Halloween safety tips

From candy corn to costumes, Halloween is a fun-filled time for children and parents, but it can also pose dangers. Here are some tips for helping make Halloween safe.

Costumes

  • Choose light-colored costumes, which are more easily seen at night. Even better — add reflective or glow-in-the-dark tape to the front and back of the costume and trick-or-treat bag.
  • Buy only costumes labeled “flame-retardant” (meaning the material won’t burn). If you’re making a costume yourself, use flame-retardant nylon or polyester fabrics. Do not smoke near kids in costumes!
  • Make sure wigs and beards don’t cover children’s eyes, noses or mouths.
  • Avoid masks, which can limit vision and make breathing difficult. Instead, use nontoxic face paint or makeup. First test the face paint or makeup on your child’s arm or hand to make sure it doesn’t irritate the skin.
  • Attach a tag with your name and phone number on your children’s costumes.
  • Avoid oversized and high-heeled shoes that can cause kids to trip and fall. Also make sure the rest of the costume fits well and doesn’t drag on the ground.
  • Make sure that any props your kids carry, such as wands or swords, are short and flexible.

Pumpkin-carving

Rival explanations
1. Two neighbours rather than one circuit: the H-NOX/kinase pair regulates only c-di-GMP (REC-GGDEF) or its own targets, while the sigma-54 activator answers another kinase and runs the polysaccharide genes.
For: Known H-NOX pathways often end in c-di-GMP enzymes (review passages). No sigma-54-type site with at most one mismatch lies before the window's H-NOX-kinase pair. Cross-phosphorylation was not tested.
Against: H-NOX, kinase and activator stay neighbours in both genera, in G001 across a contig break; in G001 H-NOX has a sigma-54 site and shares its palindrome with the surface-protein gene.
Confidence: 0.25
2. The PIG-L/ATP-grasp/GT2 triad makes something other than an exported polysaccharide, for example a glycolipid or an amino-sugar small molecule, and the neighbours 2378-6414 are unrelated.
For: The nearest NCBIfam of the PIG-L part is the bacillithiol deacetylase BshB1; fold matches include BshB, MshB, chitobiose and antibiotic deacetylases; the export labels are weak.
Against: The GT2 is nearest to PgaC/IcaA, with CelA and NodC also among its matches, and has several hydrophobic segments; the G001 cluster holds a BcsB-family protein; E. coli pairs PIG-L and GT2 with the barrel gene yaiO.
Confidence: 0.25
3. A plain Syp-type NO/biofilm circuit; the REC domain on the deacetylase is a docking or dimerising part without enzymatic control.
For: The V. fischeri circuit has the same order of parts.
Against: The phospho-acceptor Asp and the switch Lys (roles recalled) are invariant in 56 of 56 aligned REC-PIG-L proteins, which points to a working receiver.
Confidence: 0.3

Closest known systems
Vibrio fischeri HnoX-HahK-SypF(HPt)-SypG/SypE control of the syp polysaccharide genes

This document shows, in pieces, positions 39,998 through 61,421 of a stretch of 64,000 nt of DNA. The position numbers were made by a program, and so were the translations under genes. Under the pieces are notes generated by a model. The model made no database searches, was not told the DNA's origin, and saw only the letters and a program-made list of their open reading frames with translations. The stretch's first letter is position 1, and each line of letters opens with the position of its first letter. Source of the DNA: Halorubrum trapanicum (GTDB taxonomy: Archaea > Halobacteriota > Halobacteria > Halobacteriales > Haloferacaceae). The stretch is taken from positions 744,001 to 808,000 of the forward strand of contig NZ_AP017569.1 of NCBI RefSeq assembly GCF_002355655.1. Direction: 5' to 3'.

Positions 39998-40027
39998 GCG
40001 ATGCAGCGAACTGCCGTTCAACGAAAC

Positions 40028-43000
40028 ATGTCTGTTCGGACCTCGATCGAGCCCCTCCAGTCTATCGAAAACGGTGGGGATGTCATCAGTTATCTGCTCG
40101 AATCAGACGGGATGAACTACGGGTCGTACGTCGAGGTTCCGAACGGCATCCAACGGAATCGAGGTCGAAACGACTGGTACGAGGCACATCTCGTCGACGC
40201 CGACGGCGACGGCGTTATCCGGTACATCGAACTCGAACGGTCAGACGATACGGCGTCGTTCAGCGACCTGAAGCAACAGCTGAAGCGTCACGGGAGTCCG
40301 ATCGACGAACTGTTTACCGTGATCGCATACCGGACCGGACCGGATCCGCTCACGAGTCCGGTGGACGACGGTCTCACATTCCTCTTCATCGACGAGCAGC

• Don’t let little ones use knives. Let them draw their designs on the pumpkin, and then you can do the carving.
  • Layer newspaper or old cloths under your carving workspace and clean up spills immediately so no one slips. Pumpkin flesh is slippery and can cause falls and injuries when dropped on the floor.
  • Keep kids at a safe distance while you’re carving the pumpkin.
  • If your children want to remove the pumpkin pulp and seeds, let them use their hands, a large spoon or ice cream scoop — never a knife.
  • Skip candles in your pumpkin, which may cause fires or light a passing costume on fire. Instead, use a glow stick or flameless (electric) candle to safely illuminate your jack-o’-lantern.

Trick-or-treating

  • Accompany children under age 12. Make sure they know their home phone number and how to call 911 if they get lost.
  • Have older kids trick-or-treating on their own go in a group. Find out the route they’ll be taking and when they plan to come home. Remind them to stay together, go only to houses with porch lights on and walk on sidewalks on lighted streets — never in alleys or across lawns. If possible, have them carry a cellphone but tell them not to use it while crossing streets.
  • Remind children to cross the street only at crosswalks and to always walk facing traffic if they can’t avoid walking a road with no sidewalks.
  • Give kids flashlights with new batteries. Tell them to stay away from candles and other flames.
  • Limit trick-or-treating to your neighborhood and the homes of people you and your children know. Tell kids to never go into strangers’ homes or cars.

The treats

  • Check all treats to make sure they’re sealed. Throw out unwrapped candy and anything with tears or holes in the packages, spoiled items and any homemade treats that weren’t made by someone you know.
  • Don’t allow young children – especially those under three years of age – to have hard candy, gum or sticky taffy and gummy products, which can cause choking.
     

–Stephanie Doyle